The most striking stories from Boston Philharmonic Youth Orchestra 13-day tour to South America last June recount the interactions of the players with something like 20,000 of their counterparts, for whom music provides the most meaningful escape from deplorable poverty.
Chronicler Richard Dyer provides a lucid counterpoint to the moving responses of the players. Images and sounds galore (indeed full recordings of every piece on the tour) further testify to the rewards of this memorable journey.
In an extensive blog entry linked below, Benjamin Zander illuminates the task of leading a youth orchestra of 105 players on a concert tour to three countries in South America, involving 120 people, 34 bus rides; 8 plane trips, 7 concerts in packed halls; and countless side-by-side events with young South American musicians.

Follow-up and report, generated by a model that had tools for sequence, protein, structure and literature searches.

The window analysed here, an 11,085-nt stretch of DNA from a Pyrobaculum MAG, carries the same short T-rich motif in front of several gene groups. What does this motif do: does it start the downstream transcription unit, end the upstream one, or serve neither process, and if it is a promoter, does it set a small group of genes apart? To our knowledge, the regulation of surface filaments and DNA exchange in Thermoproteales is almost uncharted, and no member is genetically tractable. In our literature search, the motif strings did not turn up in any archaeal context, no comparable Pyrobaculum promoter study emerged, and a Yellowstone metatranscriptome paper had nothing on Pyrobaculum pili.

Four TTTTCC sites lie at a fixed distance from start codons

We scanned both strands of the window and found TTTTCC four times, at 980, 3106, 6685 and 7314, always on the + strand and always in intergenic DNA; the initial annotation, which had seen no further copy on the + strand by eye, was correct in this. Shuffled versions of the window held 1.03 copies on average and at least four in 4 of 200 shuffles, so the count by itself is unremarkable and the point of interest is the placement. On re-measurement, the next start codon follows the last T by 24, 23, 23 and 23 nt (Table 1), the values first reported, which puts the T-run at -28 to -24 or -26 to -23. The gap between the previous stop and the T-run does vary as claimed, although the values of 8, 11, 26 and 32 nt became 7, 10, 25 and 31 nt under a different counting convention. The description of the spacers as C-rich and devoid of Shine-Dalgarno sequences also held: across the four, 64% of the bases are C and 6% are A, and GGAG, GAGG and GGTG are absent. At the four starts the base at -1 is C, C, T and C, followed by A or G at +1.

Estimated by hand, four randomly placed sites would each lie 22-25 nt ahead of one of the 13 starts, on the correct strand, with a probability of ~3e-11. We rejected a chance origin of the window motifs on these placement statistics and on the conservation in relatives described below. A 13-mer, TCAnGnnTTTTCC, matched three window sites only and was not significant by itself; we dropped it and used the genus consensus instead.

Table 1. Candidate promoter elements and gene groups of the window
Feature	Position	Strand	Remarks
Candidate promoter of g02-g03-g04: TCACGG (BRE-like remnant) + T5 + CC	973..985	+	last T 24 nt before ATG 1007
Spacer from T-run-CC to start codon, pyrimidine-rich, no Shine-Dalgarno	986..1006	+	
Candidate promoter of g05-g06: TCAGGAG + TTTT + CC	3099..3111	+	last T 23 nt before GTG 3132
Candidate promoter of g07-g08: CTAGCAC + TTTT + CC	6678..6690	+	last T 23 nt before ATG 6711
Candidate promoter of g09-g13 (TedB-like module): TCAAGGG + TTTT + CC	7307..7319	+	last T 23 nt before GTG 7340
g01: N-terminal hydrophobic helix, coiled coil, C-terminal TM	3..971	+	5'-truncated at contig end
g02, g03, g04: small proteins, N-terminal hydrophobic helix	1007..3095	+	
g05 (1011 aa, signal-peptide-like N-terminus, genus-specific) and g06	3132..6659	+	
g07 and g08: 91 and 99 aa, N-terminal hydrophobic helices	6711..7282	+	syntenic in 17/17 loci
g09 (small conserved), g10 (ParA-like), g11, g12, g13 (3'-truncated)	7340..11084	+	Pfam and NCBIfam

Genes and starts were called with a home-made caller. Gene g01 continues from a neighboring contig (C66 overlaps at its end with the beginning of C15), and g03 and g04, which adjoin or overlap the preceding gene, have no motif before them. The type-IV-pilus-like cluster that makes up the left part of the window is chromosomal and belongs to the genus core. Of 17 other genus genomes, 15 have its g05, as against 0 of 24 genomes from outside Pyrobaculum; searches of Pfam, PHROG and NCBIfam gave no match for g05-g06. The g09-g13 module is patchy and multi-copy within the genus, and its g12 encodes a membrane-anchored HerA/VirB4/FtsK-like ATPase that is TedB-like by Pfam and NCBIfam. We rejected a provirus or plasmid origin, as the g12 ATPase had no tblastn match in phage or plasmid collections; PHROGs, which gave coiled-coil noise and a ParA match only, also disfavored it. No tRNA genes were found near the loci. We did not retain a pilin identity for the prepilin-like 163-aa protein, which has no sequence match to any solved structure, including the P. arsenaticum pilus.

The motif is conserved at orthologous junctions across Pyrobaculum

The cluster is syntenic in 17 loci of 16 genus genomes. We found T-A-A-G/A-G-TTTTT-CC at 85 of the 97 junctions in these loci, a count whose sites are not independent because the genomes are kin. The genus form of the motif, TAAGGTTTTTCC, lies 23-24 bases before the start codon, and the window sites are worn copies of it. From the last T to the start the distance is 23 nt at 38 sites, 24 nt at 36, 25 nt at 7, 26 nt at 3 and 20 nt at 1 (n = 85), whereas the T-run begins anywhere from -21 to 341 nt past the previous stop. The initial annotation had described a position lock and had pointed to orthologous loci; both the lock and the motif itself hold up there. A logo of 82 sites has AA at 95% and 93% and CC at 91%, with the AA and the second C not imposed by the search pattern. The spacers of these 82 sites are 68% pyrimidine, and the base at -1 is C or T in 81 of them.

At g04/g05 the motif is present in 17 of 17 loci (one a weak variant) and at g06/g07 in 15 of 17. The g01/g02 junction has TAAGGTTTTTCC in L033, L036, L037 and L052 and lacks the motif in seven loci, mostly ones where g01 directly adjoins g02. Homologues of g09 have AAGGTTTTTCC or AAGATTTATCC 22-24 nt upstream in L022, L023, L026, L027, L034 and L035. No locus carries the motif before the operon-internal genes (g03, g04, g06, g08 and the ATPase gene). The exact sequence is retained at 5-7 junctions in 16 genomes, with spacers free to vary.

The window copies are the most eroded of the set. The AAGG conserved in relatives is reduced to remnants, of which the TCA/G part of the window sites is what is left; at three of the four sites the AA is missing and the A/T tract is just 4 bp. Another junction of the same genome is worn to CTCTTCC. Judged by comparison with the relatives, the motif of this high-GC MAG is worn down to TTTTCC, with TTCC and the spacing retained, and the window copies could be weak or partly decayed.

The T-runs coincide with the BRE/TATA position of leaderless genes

“It also became clear that for many of us, this tour was in part a political journey. Several members of the orchestra told me that they felt self-conscious, even embarrassed, about traveling to South America, as representatives of a country whose current leadership has been so openly antagonistic to foreigners. However, at one concert after another, the wildly enthusiastic reaction to the Stars and Stripes, showed us that our audience was responding to the energy, the open-heartedness and the enthusiasm of the young people in the orchestra.
The warm embrace of the Latin people gave courage to our young Americans that the world doesn’t see us only through the eyes of our present misguided administration. For many of them it reaffirmed their belief that an orchestra can be an instrument for keeping alive America’s vision of Possibility for the world.”
Asked to choose one moment of the tour as most emblematic, without hesitation Zander suggested Oblivion by Piazzolla played by flutist Carlos Aguilar in a concert for 1,000 children.
Ben Zander’s sweeping account will surely entertain and reward.